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Jay Edwards: Old hardware stores still the best

Jay Edwards: Old hardware stores still the best

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There’s something about an old hardware store that I can’t get enough of.

We still have one in my neighborhood, called Kraftco. I’m thankful it’s still around, but with the big chains of the world, not to mention the internet, I fear its days may be numbered.

Kraftco has been around as long as I can remember, which is almost six decades. I found myself headed there again the other day in my search for batteries, or picture hooks or just the right size screw. There was a young man standing in front of the double glass doors when I pulled up, waiting for a customer. He looked big enough to be on one of the high school football teams around town, and he greeted me with an open door.

I walked in slowly, enjoying the atmosphere and smells that are unique to this long-cherished family owned establishment. Nearby, a man said he was looking for a copper mailbox, and his salesman headed off down one of the tight aisles that elicit thoughts of a grandmother’s attic, full of charm and memories from another time.

A woman came in, joining the activity by requesting a hammered soap dish for her upstairs bath, and the man helping her moved quickly, as if he had been expecting her.

My friend Ken, whose wife Renetta is a realtor, has a good Kraftco story. He says Renetta once sold a house to an elderly single gentleman, and on the day before closing, Ken was with her when the man came for his final walk through.

“We met at the front door,” Ken said, “and before Renetta could open it the old guy said, ‘Hold it right there!’”

Ken asked him what the trouble was, and the man said someone had removed the door knocker, and that he wasn’t buying the house without it.

“Sure enough,” Ken laughed, “there was an outline on the door, and two screw holes where a door knocker had obviously been.”

“I told him I would get him a door knocker and have it on before he moved in, but he said it had to be the exact door knocker that had been there before, which he said was a goose wearing a bow tie.”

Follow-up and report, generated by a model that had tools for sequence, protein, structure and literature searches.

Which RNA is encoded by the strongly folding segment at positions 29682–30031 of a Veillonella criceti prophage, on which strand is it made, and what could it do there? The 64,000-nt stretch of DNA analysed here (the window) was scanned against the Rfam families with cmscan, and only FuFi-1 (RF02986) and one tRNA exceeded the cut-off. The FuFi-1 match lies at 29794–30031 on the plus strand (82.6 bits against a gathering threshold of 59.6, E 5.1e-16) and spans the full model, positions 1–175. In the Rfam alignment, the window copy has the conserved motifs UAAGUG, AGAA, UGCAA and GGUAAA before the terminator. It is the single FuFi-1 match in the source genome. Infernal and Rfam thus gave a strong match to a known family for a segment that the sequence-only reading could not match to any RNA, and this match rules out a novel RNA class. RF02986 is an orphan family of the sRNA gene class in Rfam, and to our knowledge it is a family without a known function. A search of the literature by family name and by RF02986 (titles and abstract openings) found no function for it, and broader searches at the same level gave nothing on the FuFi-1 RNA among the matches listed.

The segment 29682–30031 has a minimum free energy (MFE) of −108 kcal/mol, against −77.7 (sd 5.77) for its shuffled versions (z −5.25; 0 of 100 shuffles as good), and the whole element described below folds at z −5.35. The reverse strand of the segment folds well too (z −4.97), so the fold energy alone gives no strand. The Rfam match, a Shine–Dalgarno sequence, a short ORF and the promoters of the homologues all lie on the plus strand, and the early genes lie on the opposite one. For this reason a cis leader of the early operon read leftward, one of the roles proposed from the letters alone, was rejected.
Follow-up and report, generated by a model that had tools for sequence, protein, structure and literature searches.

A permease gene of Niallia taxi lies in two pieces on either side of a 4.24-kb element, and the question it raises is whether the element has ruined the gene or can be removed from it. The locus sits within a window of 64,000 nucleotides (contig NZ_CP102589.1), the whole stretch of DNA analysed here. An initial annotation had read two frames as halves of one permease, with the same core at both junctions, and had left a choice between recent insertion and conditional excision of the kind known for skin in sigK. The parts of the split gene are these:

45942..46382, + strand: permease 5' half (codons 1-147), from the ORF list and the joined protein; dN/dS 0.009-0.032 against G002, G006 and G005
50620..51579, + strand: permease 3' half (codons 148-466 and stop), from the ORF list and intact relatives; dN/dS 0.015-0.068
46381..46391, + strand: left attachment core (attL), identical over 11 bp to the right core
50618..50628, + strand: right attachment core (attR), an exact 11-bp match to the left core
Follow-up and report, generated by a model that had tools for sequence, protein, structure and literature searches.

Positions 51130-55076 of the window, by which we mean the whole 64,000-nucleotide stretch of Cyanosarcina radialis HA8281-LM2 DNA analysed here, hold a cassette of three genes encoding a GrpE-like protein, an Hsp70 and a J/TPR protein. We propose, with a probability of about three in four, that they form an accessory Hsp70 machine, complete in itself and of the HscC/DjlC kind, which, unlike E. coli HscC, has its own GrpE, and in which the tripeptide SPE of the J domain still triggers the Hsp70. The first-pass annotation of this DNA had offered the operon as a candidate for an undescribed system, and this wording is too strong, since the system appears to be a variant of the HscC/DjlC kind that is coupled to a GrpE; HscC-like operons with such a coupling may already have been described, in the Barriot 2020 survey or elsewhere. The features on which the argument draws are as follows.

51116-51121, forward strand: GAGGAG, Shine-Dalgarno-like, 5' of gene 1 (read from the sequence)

“He was adamant about it and so I pulled Renetta aside and told her I was off to go find a goose wearing a bow tie door knocker.

She said it would be impossible, but I headed out anyway.”

“When I got to Kraftco, I told the guy helping me what I needed, and he looked over his shoulder and yelled, ‘Hey Charlie, we still got any of those tuxedo goose door knockers?’”

“The one called Charlie mumbled something back in hardware store language and waddled down one of the aisles, where he began climbing up on a ladder to get at a spot that looked like it hadn’t been got at in awhile. After a minute, I heard Charlie say—‘Yeah here it is.’”

A moment later, Ken was walking out the door with his handwritten receipt for his purchase of the unusual door knocker that looked like a goose wearing a bow tie.

Back at the house, he found Renetta and the old man still standing by the front door, as if the missing door knocker had created a force field to keep them from entering.

“I walked over and handed him the sack,” Ken said. “He looked in it suspiciously and then back up at me like he couldn’t believe it. He pulled it out as Renetta stood there with her mouth open. I had been gone less than 20 minutes.”

Ken said the next day everyone was happy at the title company as the old gentleman signed the papers on his goose in the bow tie door knocker, which came with a house attached.


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